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Immigration Papers: Is It Really That Hard To Get Them in US?

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In 2009, after struggling for about 8 years to travel out of Kenya, I finally got that elusive student visa. I had been denied visa 4 times at the UK embassy. I remember sometimes spending some nights sleeping outside the British High Commission offices in Upper hill- Nairobi, in order to make the cut for early morning visa appointment only to be denied after 2 minutes of interview. That was a very painful experience.

When I finally got the approval for US International student visa, It was a big relief. I could not hide my joy. I couldn’t wait to land in America. I quit my teller job at Equity bank almost 4 months before departure in order to “prepare” myself for the impending travel.

Fast forward, I arrived in the US, graduated with a master’s degree, but I had a big worry to deal with…. Immigration papers after graduation. As a non-STEM degree holder, I had only 1 year of work authorization post-graduation. Going back was not really an option for me, but I needed to be with the right immigration papers if I really wanted to stay here.

This is the predicament a lot of people find themselves in when they land in this country whether on a B-1/B-2 or F-1/J-1 non-immigrant visas. Prior to coming here, most of us usually have no idea about the impending immigration papers challenge waiting for us once we land into this country. We are usually just happy to have finally gotten that non-immigrant visa that would enable us to come to the states.

READ ALSO:   EXPLAINED: Visitor's Visa, Work Visa or Student Visa- How can you come and work in USA?

In the US, it is estimated that there are about 12 Million undocumented immigrants. A big chunk of those did not cross the border illegally, but actually came through the airports and were cleared by the US border protection and customs agencies. Simply meaning they have overstayed their visas. It is very easy to find yourself in such a situation if you do not plan ahead. To happily live in this country, you have to be on the right side of the immigration law. A few missteps and you could find yourself back to your country of origin.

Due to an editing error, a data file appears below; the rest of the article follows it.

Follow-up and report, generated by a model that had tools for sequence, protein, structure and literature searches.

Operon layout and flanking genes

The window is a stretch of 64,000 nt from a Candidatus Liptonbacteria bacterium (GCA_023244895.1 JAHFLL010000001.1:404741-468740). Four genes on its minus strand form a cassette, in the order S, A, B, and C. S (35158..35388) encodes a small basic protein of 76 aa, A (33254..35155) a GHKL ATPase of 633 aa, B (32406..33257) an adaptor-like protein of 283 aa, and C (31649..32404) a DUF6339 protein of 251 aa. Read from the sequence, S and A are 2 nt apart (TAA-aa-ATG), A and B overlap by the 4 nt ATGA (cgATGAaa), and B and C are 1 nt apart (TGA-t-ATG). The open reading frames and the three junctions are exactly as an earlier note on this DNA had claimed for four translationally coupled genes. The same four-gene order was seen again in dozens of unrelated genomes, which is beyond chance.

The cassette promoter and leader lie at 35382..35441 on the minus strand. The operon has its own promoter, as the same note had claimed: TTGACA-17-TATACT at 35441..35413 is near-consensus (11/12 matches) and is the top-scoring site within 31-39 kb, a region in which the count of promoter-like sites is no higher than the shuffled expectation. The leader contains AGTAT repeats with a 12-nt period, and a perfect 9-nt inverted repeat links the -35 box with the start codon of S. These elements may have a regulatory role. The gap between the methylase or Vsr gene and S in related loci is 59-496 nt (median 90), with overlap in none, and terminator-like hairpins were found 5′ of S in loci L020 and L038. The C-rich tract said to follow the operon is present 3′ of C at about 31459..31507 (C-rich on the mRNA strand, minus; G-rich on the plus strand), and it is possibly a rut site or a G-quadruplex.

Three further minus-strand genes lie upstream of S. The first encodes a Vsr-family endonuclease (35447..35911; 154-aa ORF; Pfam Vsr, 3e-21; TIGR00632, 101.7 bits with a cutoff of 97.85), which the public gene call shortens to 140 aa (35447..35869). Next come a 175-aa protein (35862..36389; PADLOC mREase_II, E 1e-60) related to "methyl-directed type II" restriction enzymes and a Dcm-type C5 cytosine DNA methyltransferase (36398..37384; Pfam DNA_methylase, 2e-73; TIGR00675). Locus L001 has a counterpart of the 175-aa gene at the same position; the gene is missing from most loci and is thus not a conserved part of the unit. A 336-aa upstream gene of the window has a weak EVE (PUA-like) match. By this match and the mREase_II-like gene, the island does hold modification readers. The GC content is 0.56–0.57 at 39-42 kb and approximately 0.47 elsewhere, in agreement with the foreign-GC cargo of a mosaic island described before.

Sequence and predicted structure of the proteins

Every year, the US government gives away 140,000 employment-based greencards to skilled & unskilled immigrants who want to stay in this country. These are shared equally across the world and each country is allocated about 9,800 visas.

In addition, the US government gives a total of 85,000 H-1B non-immigrant work visas. 65,000 of those go to those with an undergraduate degree and 20,000 to those with a master’s degree from a US Institution. One of the most interesting statistic is that, majority of us Africans don’t even try to get any of these visas that are allocated to us, yet we struggle so much trying to find ways of living here permanently through other means.70% of these visas go to Indians.

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One of the big contributing factors  is because we tend to think that we do not qualify. We simply do not do our homework well. These employment based visas are given to those with skills in the fields where there is a shortage of American citizen workforce. The catch for E-B greencards and H1-B is that you must find an employer who is willing to sponsor you….and there are plenty of them especially if you are in the IT industry.

For those in America on F-1 visa, you are the ideal candidates for employment based greencards and H-1B visas. I was lucky to get into the IT industry and I got my papers through employment, so I have a good knowledge of the situation out there for the IT professionals. To get into IT you don’t need an IT degree, but you need a degree that is closely tied to IT.I personally hold an MBA and a BCom undergraduate degree and was able to get into the Industry by training on IT skills that are highly marketable in the American workforce today. I trained after I graduated, after observing closely what Indians were doing. Majority of Indians get immigration papers through employment.